RIM recently announced $200 price cut on Blackberry Playbook and now the 16GB model is priced at $299, and 32GB model is at $399, but it seems the price cut is not for 64GB model and it is at $699. The statistics say that RIM has only sold about 200,000 devices throughout the world since its beginning in Spring 2011. There are so many factors that this model has not taken well in the market. I have seen people who are so into Blackberry phones using iPads and few with Android tablets mostly ASUS Transformer, Samsung Galaxy Tab 10.1 or XOOM but not the Playbook.

There are so many reasons why the Playbook was not able to tap into the existing Blackberry ecosystem, IMO. I will try to outline the reasons I think here:

1. Deeply tied with Blackberry phones: In order to check emails and calendar, you have to have Blackberry phone and you can’t really use Playbook as a standalone device. I think this basically issue with BES system and how it recognizes a user with the phone number. This can be easily fixed, by modifying the underlying user recognition not based on user not phone like rest of the tablets do. I may be wrong, but I really didn’t understand the original design philosophy behind the current mess. Because of this anyone who doesn’t have a Blackberry phone never really looked into Playbook.

2. Form factor: If you look into the sales of tablets, most of the sales are for the tablets that are above 9” form factor. Of course the 7” form factors are also doing great, but the market leader iPad already set a trend for 9” form factor. If someone is really looking for 7” form factor there are so many other options available at a better price and better ecosystem.

3 Ecosystem: A lot of Tablet buyers are looking for content, and thanks Apple because they created this too. Otherwise Windows Tablets would have been sold to consumers and it could have been a king by now. Playbook has a very limited ecosystem which is almost to nil, and RIM actually never really thought about it like HP did with their Touchpad. Both tablets are powered by very good platform QNX and WebOS respectively, but never had any ecosystem that comprises the content (major part) and compelling apps (minor part).

4. User Experience: User Experience and for that matter on Android systems is poorly designed. On Playbook you have to learn the swipes in order to go back to home screen from an app. And also the touch response sometimes is not that great. If one sees the touch response on iPhone/iPad and Windows Phone 7, they expect similar experience and fluidity in scrolling, gesture recognition. There is good room for improvement in Playbooks in this area. The interaction with system makes you to learn the stuff before playing with Playbook. Touchpad has better User Experience than Playbook and even Android also has better UX than Playbook definitely.

5. Price: Price also played a major role. Apple with its long term agreements with suppliers made it to get iPad parts for cheaper prices and $499 for the entry level iPad became the standard. For a 7” tablet with almost nil ecosystem and poor experience, the price is not justified when compared with entry level iPad.

Now with Amazon entering the 7” tablet arena with its own and with its vast ecosystem comparable to Apple’s and Microsoft’s, RIM should make ties up with content providers and should keep the prices of the Playbook to be lower at the current offering, it could pull Blackberry users to get into this tablet. Running few Android apps  to run on Playbook platform is not sufficient. RIM also accepted that running some of the Android apps is not possible. (via ZDNET).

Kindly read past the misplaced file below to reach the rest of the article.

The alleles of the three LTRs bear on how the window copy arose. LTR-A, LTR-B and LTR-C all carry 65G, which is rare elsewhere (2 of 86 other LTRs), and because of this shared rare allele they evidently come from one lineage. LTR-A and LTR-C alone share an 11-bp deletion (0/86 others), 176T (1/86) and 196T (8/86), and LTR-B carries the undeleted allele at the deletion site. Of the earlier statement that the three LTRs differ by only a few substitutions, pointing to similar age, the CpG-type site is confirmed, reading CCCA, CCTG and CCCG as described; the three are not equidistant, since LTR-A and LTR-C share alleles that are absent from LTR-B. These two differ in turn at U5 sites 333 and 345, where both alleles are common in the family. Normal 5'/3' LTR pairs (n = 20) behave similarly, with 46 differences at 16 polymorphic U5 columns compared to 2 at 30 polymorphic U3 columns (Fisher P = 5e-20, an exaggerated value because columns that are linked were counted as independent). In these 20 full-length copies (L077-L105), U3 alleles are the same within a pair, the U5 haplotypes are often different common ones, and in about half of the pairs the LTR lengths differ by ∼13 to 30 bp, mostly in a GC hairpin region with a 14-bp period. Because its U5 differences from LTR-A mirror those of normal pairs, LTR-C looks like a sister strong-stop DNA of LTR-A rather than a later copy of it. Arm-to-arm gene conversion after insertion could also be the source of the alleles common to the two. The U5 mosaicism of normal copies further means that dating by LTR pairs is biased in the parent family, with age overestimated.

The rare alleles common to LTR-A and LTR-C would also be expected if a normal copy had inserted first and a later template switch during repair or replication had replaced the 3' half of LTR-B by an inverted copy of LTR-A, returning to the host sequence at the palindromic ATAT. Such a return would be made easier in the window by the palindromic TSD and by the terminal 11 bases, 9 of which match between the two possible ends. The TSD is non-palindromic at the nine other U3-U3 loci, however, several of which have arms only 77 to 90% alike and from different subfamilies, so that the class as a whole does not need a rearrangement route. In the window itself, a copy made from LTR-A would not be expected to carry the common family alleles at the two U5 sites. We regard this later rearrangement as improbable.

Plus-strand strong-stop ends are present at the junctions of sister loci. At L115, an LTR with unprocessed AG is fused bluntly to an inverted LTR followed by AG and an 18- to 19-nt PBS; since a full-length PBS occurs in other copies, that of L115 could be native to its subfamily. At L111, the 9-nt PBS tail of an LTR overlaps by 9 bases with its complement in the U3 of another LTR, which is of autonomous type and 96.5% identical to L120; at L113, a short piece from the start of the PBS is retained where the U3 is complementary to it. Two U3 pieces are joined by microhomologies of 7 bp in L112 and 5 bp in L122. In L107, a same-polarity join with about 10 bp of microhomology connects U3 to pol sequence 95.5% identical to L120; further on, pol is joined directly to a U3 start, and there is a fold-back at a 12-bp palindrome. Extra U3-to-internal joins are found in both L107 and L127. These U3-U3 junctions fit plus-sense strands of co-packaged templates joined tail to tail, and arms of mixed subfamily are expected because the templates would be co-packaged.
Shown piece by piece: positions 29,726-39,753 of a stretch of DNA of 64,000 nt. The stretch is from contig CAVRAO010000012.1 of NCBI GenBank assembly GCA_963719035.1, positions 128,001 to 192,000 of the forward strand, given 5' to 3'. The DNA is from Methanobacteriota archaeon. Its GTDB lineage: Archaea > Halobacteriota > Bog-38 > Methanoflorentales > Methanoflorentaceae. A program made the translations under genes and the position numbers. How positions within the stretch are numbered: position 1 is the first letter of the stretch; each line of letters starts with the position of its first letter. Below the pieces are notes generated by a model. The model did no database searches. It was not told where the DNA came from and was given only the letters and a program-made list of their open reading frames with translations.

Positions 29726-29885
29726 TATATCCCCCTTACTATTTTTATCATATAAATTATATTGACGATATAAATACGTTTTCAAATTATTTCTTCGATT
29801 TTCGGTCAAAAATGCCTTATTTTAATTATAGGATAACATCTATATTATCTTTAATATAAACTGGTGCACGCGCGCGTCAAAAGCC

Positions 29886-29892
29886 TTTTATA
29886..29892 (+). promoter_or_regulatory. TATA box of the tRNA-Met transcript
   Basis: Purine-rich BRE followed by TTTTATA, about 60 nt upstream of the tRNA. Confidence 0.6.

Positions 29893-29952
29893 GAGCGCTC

In my opinion, RIM got distracted with maintaining two platforms Blackberry Phones and Playbooks. Microsoft can afford that strategy because it is a software powerhouse, but not companies like RIM and Nokia in this fast paced mobile platform market. Nokia is trying to correct this with outsourcing its platform to Microsoft. RIM should follow Nokia or learn from Apple to make it as a single platform, if it wants to retain to its bundled strategy, i.e. single platform for both phones and tablets.

RIM has a long road ahead, it is losing its strong base of enterprise market to both Apple and Google at a faster pace and now Amazon entering the low end tablet market with its Kindle Fire and Microsoft’s announcement of Windows 8 Developer Preview makes its very tough. Windows 8 unifies both Desktop and devices such as Phones and Tablets into single ecosystem. RIM should learn from both Nokia and HP and correct its strategy and roadmap in order to survive in this competitive market.

1 COMMENT

  1. From what Microsoft has reported in their SEC statements it sounds to me as though they were attempting to divest from the platform a bit and let Nokia take over much of the heavy lifting while keeping things branded Microsoft. Nokia has not by any means gone all in on Microsoft, rather they have hedged their bet with a slew of non-WPs recently announced. What’s on Slashdot right now about Nokia? Their current work with Linux on lower-end phones (versus Tango or whatever).

    As impressed with the WP user experience as you may be, it was a stillborn platform. That probably won’t change. I think Nokia became aware of that after the deal. No one gives a shit about the Sea Doo, they want the N9, and Nokia has made it loud and clear that they’ll at least support that platform for another four years, whereas they haven’t even begun the WP experiment. How long ago was that announced?

    Tl;dr RIM should drop qnx for Android. And yeah, $300 is too much.

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